Post Keynesianism (and MMT), tempestuous seas, and the circle of life

Both CMC’ and MCM’ have the same pattern: Money, then stuff, then money, then stuff, repeating forever. The difference is the choice of which element in the pattern is focused on, emphasized, and considered as the natural state. The natural state being the one that is here now, or soon will be, regardless what one does or does not do – if only there were there no meddling outside influences such as governments. In his 1923 book, A Tract on Monetary Reform, John Maynard Keynes makes the following analogy:

But this long run is a misleading guide to current affairs. In the long run we are all dead. Economists set themselves too easy, too useless a task if in tempestuous seasons they can only tell us that when the storm is long past the ocean is flat again.

Mainstream economics believes fully-calm seas (maximized aggregate demand and full employment) to be the natural state. In reality (the world in which we actually live), calm seas are not the norm but the exception. This is what Keynes calls the special case. During the Great Depression, telling people that full employment was “soon to return” was no comfort to the millions desperate and waiting for hours in line, day after day, for a loaf of bread – in literal bread lines.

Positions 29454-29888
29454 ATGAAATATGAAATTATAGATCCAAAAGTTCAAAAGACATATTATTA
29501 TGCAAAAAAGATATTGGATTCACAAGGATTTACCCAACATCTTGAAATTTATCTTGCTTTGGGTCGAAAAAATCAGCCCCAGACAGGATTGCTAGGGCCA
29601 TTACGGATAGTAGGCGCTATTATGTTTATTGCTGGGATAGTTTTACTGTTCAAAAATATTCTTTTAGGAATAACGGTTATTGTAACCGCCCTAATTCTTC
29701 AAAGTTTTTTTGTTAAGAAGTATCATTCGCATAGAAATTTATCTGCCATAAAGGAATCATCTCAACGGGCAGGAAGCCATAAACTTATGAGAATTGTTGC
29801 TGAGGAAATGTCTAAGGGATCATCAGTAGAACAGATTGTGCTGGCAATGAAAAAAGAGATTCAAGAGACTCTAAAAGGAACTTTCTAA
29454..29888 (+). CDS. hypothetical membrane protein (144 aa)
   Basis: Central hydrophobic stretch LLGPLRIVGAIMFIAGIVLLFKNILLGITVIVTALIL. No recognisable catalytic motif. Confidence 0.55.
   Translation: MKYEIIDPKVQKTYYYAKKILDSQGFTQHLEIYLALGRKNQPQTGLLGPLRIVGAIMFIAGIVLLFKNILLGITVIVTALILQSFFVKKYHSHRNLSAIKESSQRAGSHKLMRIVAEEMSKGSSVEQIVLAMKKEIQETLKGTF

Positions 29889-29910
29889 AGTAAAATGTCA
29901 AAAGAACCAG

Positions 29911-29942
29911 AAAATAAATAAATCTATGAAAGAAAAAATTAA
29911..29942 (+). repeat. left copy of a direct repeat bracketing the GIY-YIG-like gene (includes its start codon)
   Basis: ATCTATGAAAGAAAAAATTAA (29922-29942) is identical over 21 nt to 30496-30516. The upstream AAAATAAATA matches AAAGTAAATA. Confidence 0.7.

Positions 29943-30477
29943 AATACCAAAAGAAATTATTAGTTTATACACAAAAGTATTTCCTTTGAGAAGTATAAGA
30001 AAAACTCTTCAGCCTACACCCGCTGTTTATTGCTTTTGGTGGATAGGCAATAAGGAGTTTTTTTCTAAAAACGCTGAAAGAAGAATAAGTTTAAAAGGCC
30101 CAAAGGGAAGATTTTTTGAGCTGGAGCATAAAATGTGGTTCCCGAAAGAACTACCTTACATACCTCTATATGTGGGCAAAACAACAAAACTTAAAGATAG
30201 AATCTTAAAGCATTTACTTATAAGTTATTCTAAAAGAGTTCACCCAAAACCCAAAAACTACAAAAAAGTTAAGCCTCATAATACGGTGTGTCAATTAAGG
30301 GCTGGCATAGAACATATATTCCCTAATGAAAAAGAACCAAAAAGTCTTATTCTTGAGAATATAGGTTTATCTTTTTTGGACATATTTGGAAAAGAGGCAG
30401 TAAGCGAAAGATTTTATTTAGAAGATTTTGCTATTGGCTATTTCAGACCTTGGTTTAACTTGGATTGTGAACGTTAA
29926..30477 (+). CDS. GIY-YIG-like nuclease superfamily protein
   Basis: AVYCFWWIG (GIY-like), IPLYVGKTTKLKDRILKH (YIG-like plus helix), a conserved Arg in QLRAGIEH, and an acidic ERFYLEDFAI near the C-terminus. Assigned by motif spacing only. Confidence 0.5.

Economic theories must first recognize that recessions and depressions are possible. (This is related to Minsky’s financial instability-hypothesis.) It should then prevent and mitigate them as much as that’s possible. The primary job of economics, however, is when recessions inevitably occur, to help people – actual human beings – survive and recover. Denying even the possibility of recessions (or that they are somehow not natural) is clearly not conducive to helping those who must endure its consequences. When a recession or depression does occur, how many suffer and die before it ends? And of those who do suffer, how far away are the vast majority from the levers of power?

Appendix: More on the mainstream assumption of full employment

From Harvey, 2009, page 14:

[It] is commonly assumed [in neoclassical economics] that there is a strong tendency towards continuous full employment. The simplest version of this premise argues that demand can never fall short of total supply because [as it is also assumed,] the reason d’etre for supplying goods and services is to spend the income so earned. if that is so, then involuntary unemployment (beyond fictional and structural) falls to zero….